Caught in a Flap!
Of the myriad ways to impress the “chicks,” few are more novel than the one tendered in Caught in a Flap!, a naughty novel dealing mainly with the nether region of the female anatomy.
The author, Des Parunia, a doctor with a practice in London, England, writes: “I learnt quite early in my teenage years that girls were quite intrigued by the whole concept of gynaecology and were fascinated to hear what would make a bloke want to go into a specialty exclusively dealing with female reproductive organs!”
Parunia calls his narrator Mikey James, but there are similarities enough between details of Mikey’s adventures and those of a nonfiction clinician that it is reasonable to suspect that the novel has strong autobiographical tendencies. Besides an eye for the ladies, both are infatuated with classic motorcycles and cars and like to party.
Mikey’s adventures begin in Rhodesia as a teenager awakening to a preoccupation with the female form. One of the few downsides of Mikey’s youthful tenure in Rhodesia is that, because he has very curly hair, he suffers under the nickname of Scrotum Scalp with best friends called Sparrowfart and Donkey Dick. Eventually, he matriculates through several schools, with plenty of Lion Lager and fast bikes along the way, and achieves his ambition by becoming a specialist in gynecology. Toward the end of the book, some readers may find that the text gets a bit too clinical. One would likely have to expect, though, that things like general genital distress, tricky cesarean procedures, vulva mapping, and “favorite colposcopy stories” come with the territory.
Though the book’s ribald title and a cartoon on the cover showing a doctor with his head nestled between a curvaceous woman’s thighs as he examines her is quite suggestive, there is little that is truly titillating here. In fact, Parunia never even comes close to crossing that line. The author strives to spruce up his very workmanlike prose with an irritating overuse of the exclamation point, as in an episode where the narrator is examining a woman who became pregnant after she and her lesbian partner hired out the job to a man of questionable hygiene: “Unfortunately the gentleman in question had given the prospective mother rather a bad cluster of genital warts, not to mention an abnormal smear!” he writes. “But I did not know this vital piece of information at the time of my examination, so I carried on as best I could!”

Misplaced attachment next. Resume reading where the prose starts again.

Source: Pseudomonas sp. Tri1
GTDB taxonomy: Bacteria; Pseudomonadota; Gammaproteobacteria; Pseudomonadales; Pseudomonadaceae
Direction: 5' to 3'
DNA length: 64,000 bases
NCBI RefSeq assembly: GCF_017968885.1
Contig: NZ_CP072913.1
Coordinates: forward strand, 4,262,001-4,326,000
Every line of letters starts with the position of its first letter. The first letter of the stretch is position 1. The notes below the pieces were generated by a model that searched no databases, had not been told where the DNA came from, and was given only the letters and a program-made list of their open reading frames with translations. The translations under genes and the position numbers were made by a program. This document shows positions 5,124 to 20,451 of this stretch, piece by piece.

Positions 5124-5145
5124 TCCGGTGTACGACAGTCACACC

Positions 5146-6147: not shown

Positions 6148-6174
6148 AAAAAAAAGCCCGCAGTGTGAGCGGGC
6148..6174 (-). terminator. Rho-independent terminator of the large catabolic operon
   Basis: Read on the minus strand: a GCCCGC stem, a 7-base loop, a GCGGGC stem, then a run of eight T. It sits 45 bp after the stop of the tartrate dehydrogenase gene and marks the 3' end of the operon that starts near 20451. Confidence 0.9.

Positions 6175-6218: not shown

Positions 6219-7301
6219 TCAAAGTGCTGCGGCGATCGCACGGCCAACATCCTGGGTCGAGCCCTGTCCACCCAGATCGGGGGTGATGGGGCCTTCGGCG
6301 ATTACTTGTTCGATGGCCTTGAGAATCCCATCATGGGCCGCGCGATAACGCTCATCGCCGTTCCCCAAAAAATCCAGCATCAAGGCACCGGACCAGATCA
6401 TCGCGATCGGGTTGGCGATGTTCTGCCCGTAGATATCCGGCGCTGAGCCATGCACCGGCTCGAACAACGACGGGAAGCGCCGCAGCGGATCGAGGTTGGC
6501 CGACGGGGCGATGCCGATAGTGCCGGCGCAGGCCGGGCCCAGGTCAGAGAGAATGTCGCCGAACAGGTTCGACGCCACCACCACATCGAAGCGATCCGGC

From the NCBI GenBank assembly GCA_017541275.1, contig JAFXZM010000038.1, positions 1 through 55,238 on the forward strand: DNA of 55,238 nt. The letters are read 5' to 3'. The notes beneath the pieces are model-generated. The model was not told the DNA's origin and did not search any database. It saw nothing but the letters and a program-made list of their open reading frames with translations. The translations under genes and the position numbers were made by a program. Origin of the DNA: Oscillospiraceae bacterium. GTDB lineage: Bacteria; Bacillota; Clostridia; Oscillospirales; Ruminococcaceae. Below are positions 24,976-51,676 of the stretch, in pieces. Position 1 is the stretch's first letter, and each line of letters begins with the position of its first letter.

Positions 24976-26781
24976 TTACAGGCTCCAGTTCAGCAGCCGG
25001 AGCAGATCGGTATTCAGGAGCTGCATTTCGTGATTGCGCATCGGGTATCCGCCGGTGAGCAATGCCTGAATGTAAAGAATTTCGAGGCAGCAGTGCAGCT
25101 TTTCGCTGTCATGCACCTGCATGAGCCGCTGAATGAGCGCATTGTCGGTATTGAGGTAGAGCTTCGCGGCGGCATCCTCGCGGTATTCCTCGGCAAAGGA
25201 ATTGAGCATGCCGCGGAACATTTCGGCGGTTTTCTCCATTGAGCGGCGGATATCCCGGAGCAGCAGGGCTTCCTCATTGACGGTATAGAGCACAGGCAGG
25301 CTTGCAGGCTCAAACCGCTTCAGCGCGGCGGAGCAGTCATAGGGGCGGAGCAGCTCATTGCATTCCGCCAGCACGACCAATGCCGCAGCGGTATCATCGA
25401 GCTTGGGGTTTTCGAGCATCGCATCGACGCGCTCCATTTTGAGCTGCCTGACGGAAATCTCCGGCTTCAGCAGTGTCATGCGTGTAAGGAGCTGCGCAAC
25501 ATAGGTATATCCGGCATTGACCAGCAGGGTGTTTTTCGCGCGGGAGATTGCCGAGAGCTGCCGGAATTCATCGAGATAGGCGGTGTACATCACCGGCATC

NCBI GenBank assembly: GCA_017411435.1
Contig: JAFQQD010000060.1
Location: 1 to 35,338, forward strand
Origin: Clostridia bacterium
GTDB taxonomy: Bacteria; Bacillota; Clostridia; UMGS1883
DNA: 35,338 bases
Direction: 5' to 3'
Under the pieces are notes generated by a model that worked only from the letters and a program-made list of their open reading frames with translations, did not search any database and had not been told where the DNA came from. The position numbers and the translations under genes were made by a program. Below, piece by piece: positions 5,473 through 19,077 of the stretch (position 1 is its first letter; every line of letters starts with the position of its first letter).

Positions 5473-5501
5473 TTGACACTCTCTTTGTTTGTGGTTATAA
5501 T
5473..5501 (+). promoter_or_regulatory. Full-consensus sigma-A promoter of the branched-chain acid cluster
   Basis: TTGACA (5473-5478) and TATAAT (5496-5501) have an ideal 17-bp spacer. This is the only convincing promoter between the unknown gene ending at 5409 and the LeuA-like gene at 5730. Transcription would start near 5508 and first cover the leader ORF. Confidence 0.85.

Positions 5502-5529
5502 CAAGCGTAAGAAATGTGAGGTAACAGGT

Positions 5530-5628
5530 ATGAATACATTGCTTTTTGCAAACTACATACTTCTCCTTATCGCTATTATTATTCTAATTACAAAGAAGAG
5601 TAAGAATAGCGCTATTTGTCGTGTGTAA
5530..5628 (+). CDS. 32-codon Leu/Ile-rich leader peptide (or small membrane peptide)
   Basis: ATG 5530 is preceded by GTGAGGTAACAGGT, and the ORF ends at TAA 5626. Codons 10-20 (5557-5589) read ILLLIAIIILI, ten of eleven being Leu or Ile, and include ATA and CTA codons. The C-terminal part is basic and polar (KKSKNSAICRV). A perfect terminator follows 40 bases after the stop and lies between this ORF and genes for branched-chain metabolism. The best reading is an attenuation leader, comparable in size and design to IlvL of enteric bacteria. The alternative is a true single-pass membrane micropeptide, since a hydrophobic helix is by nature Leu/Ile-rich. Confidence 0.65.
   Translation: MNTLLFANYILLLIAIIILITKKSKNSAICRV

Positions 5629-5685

And then there is the case of a transgender operation. Mikey is made queasy as another physician performs the procedure by amputating the penis and constructing a vagina from the scrotum skin. The physician “quietly chopped off the chap’s member and tossed it over his shoulder!” He then told an aide, “Here you are, give it to the cat!”
Mikey frequently laments the good old days of medical practice in England, when things were more informal and such perks as a hospital bar and doctors’ mess presented opportunities for professional camaraderie. The book seems to suggest that the profession isn’t fun anymore and that closing the office and finding another occupation might be in order.
The subject matter of the book is probably too clinical for most outside the medical profession or those who aspire to such, but the author says he was convinced that the “joys, trials and tribulations” of becoming a “consultant fanny mechanic must not be forgotten.” However, he includes this warning: “The author does not recommend you reading this book to your children at bedtime!”